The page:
The Creativity Gap

The cover story of Newsweek (July 19, 2010) reports on the state of Creativity in America. The findings, unfortunately, point to the first measurable decline in our collective creative abilities in our country's history. While we are still the beacon of imagination on the world stage, there is now a leak that could significantly damage our ability to maintain our standing in the global economy.

Why is our creativity declining? We're taught in schools to guess what the teacher knows, there's only one right answer, be obedient, and whatever you do ... don't make mistakes! Our kids sit in front of the Xbox, television, and Facebook while placing their imagination on hold. Art, music, and theater classes have largely been cut from public school curriculum, as education continues to devalue right-brain, creative thinking.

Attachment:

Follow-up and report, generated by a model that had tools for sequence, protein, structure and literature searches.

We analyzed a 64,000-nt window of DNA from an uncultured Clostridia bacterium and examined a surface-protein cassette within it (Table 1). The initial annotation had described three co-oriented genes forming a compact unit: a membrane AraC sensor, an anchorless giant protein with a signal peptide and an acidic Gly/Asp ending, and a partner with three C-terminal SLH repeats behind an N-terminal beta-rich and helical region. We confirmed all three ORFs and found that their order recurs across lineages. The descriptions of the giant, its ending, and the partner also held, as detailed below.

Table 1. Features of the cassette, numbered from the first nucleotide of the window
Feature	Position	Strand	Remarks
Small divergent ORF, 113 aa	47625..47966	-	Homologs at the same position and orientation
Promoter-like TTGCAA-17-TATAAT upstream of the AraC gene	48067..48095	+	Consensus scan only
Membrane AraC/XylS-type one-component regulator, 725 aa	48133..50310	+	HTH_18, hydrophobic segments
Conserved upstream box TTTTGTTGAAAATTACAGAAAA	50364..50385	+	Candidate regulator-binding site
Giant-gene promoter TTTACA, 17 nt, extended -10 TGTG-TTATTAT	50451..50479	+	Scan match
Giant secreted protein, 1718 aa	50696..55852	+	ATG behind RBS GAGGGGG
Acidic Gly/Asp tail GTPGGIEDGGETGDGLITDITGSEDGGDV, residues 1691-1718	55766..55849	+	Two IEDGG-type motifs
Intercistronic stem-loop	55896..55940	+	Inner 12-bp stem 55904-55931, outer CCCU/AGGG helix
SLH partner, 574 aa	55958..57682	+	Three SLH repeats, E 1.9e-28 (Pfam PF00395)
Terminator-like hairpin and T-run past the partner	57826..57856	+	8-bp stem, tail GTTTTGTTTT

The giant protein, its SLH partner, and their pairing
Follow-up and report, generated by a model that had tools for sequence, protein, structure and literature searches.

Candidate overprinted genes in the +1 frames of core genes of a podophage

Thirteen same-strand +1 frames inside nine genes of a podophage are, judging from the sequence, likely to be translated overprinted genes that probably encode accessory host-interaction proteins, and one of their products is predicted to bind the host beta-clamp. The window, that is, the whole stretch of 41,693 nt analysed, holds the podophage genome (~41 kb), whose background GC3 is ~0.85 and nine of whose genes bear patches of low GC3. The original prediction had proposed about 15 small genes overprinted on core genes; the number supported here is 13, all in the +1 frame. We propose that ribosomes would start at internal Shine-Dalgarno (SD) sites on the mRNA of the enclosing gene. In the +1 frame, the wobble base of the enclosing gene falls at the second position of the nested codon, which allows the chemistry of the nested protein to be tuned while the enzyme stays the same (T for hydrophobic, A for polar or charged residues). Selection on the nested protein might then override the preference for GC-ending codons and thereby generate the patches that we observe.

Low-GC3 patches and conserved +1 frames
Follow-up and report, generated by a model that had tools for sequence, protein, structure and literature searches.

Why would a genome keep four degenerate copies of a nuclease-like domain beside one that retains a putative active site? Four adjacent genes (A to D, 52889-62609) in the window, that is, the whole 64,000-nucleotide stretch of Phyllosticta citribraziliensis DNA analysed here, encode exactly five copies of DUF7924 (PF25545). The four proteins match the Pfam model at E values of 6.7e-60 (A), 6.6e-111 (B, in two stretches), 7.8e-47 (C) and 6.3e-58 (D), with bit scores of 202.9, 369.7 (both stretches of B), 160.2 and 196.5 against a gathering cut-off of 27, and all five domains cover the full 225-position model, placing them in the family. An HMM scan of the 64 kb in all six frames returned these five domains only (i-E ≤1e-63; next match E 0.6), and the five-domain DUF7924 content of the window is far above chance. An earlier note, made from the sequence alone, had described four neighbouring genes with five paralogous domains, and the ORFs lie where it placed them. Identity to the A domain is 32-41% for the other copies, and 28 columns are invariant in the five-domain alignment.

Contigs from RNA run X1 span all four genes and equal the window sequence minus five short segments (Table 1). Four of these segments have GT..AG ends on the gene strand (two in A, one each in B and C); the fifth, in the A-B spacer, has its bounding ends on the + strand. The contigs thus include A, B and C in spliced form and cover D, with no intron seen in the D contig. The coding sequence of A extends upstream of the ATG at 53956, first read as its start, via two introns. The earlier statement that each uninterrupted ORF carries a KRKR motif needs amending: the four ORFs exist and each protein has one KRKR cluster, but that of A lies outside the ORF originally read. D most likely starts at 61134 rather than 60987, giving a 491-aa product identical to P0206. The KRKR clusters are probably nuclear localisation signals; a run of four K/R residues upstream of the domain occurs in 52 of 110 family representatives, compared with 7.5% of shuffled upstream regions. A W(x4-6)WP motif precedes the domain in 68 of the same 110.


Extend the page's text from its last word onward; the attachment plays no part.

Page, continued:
The disconnect, however, is that Creativity is the most important leadership skill for the next generation of business. According to an IBM study of 1500 CEOs' Creativity was ranked as the single most crucial factor for future success. So we have a situation where the demand for creativity in clearly on the rise, yet the supply is on the downturn. We are experiencing a large and increasing Creativity Gap.

Thankfully, there is hope. According to a joint study between Harvard and Insead, it turns out that creativity is 85% a learned skill. That means that all of us, even on our groggy days, have 85% the creative potential as Mozart, or Picasso, or Da Vinci. We simply need a process to tap into this valuable natural resource.